Are Poinsettias Poisonous for Dogs?

dog with poinsettia

The tree is glowing with twinkling lights, stockings are hung from the chimney, and a beautiful bright poinsettia plant sits adjacent to the fireplace. But does this popular holiday plant pose a risk to puppers? As pet parents, we want to make sure our homes are a safe haven for our canine companions. This is especially true during the holiday season when new objects, smells, and potential hazards are introduced. So, as you deck the halls, let’s look at which holiday plants are potentially risky for our furry friends.

The Truth About Poinsettias and Dogs

The poinsettia, also known as Euphorbia pulcherrima, is native to Mexico and Central America. It is often associated with the holiday season because of its vibrant red and green foliage, which is actually not its flowers but leaves. The tiny yellow structures in the center of the plant are the actual blooms.

One of the main concerns about poinsettias is the milky white sap found in their leaves and stems. This sap contains compounds called diterpenoid euphorbol esters and saponin-like detergents, which can cause irritation if ingested or comes into contact with the skin.

According to the ASPCA (American Society for the Prevention of Cruelty to Animals), poinsettias are not deadly for dogs. However, they are classified as mildly toxic. If your dog chews or ingests the plant, it can lead to irritation in the mouth and stomach and may cause vomiting or diarrhea.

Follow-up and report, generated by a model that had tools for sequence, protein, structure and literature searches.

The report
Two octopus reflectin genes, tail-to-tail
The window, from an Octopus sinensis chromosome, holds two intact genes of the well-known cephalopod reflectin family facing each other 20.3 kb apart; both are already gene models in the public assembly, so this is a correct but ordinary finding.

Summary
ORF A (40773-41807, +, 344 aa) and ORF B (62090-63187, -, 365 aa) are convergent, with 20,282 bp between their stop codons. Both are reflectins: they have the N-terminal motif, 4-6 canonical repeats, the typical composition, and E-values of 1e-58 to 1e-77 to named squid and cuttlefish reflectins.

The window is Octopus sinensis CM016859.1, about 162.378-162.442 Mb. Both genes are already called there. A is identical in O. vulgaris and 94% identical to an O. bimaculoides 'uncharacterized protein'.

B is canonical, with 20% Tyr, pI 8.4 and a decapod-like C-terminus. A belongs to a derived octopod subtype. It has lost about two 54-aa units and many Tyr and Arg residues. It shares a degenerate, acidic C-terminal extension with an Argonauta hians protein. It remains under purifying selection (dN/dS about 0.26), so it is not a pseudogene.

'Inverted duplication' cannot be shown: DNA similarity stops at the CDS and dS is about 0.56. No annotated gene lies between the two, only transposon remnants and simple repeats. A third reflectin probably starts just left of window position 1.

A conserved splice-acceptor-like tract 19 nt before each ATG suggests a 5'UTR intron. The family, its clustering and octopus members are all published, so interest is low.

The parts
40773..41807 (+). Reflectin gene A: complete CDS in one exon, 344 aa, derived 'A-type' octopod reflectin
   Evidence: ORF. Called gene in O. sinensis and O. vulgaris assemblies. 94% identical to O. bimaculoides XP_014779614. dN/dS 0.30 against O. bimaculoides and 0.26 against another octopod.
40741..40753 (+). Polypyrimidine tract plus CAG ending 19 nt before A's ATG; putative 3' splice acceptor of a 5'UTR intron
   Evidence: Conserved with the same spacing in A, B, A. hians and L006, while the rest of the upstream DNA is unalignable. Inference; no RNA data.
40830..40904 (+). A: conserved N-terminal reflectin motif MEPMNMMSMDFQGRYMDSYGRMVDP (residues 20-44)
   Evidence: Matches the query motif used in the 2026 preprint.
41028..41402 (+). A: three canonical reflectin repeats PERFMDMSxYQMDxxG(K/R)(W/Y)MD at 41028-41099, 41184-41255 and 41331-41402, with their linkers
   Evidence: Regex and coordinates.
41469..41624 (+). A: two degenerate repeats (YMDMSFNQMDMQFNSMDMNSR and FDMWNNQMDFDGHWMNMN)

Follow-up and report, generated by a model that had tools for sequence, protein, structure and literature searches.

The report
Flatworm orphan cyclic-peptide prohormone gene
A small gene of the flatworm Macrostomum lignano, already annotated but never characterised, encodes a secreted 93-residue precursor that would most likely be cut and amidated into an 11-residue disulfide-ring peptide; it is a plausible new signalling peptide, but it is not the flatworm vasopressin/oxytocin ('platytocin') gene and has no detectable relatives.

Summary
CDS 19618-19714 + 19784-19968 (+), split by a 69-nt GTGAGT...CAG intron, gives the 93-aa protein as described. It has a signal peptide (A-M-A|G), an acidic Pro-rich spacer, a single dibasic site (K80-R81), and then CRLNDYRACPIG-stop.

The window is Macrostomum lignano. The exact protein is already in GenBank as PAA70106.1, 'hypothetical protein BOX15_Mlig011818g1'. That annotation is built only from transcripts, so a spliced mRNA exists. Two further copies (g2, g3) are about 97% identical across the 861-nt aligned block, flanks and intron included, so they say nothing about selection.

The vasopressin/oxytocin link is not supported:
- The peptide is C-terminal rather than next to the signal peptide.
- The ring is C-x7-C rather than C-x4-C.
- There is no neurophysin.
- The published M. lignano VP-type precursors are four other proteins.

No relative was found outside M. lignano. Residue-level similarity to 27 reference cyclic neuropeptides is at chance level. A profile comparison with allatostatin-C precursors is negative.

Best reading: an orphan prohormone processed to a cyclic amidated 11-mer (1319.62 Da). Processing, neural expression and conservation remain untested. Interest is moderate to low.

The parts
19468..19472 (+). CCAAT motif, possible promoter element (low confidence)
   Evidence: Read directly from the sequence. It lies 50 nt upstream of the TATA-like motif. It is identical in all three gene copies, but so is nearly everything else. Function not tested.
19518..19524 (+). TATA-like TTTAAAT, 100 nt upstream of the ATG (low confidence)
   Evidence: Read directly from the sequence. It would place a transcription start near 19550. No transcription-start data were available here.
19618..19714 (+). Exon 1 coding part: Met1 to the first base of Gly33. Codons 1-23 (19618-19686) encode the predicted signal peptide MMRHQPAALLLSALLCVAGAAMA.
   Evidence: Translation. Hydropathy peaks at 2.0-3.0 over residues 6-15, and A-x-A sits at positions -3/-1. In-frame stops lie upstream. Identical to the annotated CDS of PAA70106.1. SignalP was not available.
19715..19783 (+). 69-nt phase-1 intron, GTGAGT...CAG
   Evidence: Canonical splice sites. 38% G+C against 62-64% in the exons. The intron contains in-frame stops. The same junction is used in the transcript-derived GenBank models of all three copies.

It’s also worth noting that the size of your dog and the amount of the plant they eat can impact how they react. A small dog that eats a large amount of the plant will likely have a stronger reaction than a large dog that only nibbles a leaf.

However, while it’s not highly toxic, it’s still best to keep poinsettias out of your dog’s reach. After all, we want to prevent any discomfort or upset stomachs, especially during the holiday season.

What to Do if Your Dog Ingests a Poinsettia

If you notice that your dog has ingested part of a poinsettia, don’t panic. Keep an eye out for signs of discomfort like excessive drooling, pawing at the mouth, or any changes in behavior. Mild reactions should subside on their own without any need for treatment.

If your dog appears to be in distress or the symptoms persist, it’s a good idea to call your vet or a pet poison helpline. Make sure to provide them with as much information as possible, such as the size of your dog and the amount of the plant they ate.

While poinsettias aren’t typically life-threatening, it’s always better to be safe than sorry. If your vet suggests bringing your dog in, follow their advice.

Other Common Holiday Plants to be Cautious of


Mistletoe, a traditional Christmas plant often hung in doorways to encourage holiday kisses, may pose a threat to our canine buddies. While it’s a symbol of love and goodwill to humans, it’s quite the opposite for our dogs. Ingestion of mistletoe can cause gastrointestinal upset, breathing problems, a drop in blood pressure and, in severe cases, hallucinations or seizures.